Admiral Gregory Quinn
Lt. Cmdr. Dexter Remmick
Captain Tryla Scott
Captain Walker Keel
Edward R. Brown
Director of Photography
- This episode marks the first appearance of a Bolian, the blue-skinned race named after Star Trek veteran director Cliff Bole.
- Gene Roddenberry originated the idea for the episode in a single-sentence proposal entitled "The Assassins". Robert Sabaroff expanded this idea to thirty pages, but his version was seen as too expensive. Tracy Tormé was then given the job of rewriting it, but some producers thought the new version was too dark until Roddenberry saw it and endorsed the new version.
- This is the last appearance of the Starfleet Admiral's uniform which was seen through the first season of The Next Generation. The uniform, notable for its "triangle pip" insignia, was replaced in season two by an interim uniform which used the more familiar "boxed pip" insignia. By season three, the admiral's uniform was changed again to become the standard which was used for the rest of the series.
- Ward Costello and Robert Schenkkan reprise their roles from Star Trek: The Next Generation: Coming of Age (1988).
- The banquet worms were mealworm beetle (aka Tenebrio molitor aka darkling beetle) larvae. These protein rich larvae are a favorite food for pet reptiles and, because you can buy them by the pound at almost any pet store, the go-to-grub for movies and TV.
- The director of the episode, Cliff Bole, was a school friend of makeup supervisor Michael Westmore.
- This episode was not banned by the BBC, but edited to remove the shot of Remmick's head exploding.
TNG goes Pulp SF!
By kimmy on April 16, 2018
Alien invasion! Mind control bugs! Very 1980s practical gory effects! This is TNG going full John Carpenter! A great episode managing tension very well, particularly with Riker and Picard's infiltration of Starfleet Command -- which is oddly very empty of people (no budget left for extras?). This is the first time we see the San Francisco-based Starfleet Command and Earth in general in TNG, and I would love to see more of it.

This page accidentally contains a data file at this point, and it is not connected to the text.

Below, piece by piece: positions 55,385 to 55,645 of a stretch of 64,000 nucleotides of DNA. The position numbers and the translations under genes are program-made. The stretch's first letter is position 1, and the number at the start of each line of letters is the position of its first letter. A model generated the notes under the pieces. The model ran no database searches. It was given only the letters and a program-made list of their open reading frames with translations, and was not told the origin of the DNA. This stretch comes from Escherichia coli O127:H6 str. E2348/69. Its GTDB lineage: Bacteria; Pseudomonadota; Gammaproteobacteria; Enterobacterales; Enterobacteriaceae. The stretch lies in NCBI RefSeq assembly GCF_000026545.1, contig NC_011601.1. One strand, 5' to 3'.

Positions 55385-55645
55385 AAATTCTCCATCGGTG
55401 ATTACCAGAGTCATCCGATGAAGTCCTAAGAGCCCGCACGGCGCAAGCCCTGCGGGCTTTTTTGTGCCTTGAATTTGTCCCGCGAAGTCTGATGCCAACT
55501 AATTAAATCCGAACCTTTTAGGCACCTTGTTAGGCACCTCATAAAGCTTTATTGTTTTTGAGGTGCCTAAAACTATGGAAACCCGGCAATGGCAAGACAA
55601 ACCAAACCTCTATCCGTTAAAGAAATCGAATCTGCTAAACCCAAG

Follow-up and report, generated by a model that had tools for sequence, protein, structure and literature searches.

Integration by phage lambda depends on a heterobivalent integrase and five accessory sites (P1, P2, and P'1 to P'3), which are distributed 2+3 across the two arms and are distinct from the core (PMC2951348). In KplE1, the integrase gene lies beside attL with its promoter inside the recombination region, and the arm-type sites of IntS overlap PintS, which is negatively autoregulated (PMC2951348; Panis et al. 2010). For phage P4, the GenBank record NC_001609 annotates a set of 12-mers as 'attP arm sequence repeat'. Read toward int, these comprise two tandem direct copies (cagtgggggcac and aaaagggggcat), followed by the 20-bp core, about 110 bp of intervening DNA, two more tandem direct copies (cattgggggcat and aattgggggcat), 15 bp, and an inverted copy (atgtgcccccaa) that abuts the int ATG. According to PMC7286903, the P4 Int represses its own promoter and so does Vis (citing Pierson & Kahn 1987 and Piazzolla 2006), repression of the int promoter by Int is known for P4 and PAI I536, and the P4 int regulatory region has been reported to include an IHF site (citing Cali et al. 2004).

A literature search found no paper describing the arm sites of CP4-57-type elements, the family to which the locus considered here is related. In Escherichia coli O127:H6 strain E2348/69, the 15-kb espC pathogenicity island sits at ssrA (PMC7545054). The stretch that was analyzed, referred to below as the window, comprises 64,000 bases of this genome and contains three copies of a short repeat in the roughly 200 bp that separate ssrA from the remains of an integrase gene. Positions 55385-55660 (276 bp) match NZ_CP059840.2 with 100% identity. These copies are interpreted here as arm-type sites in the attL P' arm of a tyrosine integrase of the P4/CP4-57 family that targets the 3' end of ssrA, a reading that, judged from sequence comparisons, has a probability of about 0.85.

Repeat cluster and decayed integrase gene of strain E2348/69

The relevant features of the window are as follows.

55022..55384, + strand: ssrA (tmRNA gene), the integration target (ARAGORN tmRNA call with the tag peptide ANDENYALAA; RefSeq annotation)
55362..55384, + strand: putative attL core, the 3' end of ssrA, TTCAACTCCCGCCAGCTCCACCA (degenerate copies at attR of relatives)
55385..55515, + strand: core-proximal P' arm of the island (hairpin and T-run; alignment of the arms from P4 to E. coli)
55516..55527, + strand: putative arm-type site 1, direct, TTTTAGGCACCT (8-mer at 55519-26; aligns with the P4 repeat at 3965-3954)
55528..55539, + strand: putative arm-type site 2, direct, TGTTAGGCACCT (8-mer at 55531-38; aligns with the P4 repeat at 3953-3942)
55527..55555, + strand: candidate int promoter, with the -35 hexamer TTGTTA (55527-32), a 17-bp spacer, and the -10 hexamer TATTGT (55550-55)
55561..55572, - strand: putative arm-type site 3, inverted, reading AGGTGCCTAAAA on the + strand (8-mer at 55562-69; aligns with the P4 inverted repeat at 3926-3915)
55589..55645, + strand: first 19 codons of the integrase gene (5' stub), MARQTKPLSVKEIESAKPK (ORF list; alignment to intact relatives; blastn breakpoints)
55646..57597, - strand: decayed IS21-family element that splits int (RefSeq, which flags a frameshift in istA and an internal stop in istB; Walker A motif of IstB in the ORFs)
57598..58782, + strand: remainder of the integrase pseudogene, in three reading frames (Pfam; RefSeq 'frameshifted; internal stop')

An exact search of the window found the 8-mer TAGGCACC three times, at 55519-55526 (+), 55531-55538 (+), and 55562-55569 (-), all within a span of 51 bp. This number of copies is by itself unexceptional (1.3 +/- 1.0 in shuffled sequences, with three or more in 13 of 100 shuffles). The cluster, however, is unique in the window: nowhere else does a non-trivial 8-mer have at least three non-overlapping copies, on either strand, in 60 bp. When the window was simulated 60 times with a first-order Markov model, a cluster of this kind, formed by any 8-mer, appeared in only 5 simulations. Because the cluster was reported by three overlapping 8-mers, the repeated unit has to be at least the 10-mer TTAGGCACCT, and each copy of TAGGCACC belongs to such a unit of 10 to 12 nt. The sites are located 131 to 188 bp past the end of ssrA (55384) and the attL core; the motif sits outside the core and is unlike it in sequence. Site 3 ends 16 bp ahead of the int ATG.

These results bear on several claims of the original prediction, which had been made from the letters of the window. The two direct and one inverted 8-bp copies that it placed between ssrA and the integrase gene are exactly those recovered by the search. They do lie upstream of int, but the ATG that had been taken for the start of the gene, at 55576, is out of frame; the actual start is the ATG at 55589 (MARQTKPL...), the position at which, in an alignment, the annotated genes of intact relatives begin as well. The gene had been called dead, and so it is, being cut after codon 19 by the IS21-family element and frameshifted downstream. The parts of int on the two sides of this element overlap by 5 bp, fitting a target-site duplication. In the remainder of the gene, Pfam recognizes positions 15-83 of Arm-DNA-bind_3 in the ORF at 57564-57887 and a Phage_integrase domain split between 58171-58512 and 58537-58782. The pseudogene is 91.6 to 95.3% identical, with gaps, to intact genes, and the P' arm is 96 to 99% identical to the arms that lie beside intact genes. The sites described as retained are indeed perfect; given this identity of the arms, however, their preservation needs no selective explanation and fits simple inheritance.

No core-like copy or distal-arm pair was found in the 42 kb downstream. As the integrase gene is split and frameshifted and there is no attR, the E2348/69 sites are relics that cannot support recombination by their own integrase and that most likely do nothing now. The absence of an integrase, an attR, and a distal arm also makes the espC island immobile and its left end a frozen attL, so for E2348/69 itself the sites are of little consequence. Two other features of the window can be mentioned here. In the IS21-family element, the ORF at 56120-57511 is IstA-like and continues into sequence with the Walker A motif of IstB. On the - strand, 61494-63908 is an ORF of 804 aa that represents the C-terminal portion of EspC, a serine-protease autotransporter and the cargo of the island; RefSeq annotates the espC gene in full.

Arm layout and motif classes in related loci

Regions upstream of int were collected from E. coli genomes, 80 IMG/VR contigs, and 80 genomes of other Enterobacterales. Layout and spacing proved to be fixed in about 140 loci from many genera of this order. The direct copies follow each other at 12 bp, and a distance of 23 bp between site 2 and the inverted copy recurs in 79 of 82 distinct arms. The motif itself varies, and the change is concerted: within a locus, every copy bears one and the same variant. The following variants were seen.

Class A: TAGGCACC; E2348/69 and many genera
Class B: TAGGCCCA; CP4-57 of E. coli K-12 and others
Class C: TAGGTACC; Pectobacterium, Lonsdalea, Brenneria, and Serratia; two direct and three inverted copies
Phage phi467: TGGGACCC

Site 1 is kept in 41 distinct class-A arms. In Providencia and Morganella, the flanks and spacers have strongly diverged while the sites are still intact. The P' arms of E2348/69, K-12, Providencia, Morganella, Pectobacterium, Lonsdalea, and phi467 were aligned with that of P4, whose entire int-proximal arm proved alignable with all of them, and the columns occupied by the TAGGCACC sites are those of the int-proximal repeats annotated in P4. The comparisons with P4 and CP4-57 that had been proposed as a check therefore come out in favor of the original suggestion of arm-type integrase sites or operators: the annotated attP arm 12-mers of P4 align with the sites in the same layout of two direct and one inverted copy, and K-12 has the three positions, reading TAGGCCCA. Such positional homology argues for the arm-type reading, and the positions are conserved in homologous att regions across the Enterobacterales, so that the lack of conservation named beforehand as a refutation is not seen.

The man with the peculiar physique, Michael Berryman, is an alien ally here and was Owen Jarvis in The X-Files' "Revelations". Also, this was written by Tracy Tormé, who would create "Sliders" a few years later.
Captain Keel, with a recurring line for all conspiracy-themed works it seems: "Don't trust anyone!"
Finally! After 24 episodes that were mostly bad, Star Trek: The Next Generation finally offers us a great episode. Where No One Has Gone Before (S01E06) was already quite good, but this one takes it to another level.
First, the music is top notch. Perhaps not really the music itself, but the music cues and effects. They highlight the drama in quite an effective way.
Which brings me to drama. This episodes is simply perfectly crafted. The scenario is great and gives director Cliff Bole the opportunity to deliver a great episode.
The gore climax was stupendous. The old guy kicking ass was excellent, with his both sharp and evil gaze. And seeing the return of the old annoying guy that made an investigation on Picard was simply an excellent idea.
I give it 7 out of 10. Without any doubt the best episode of the series yet.
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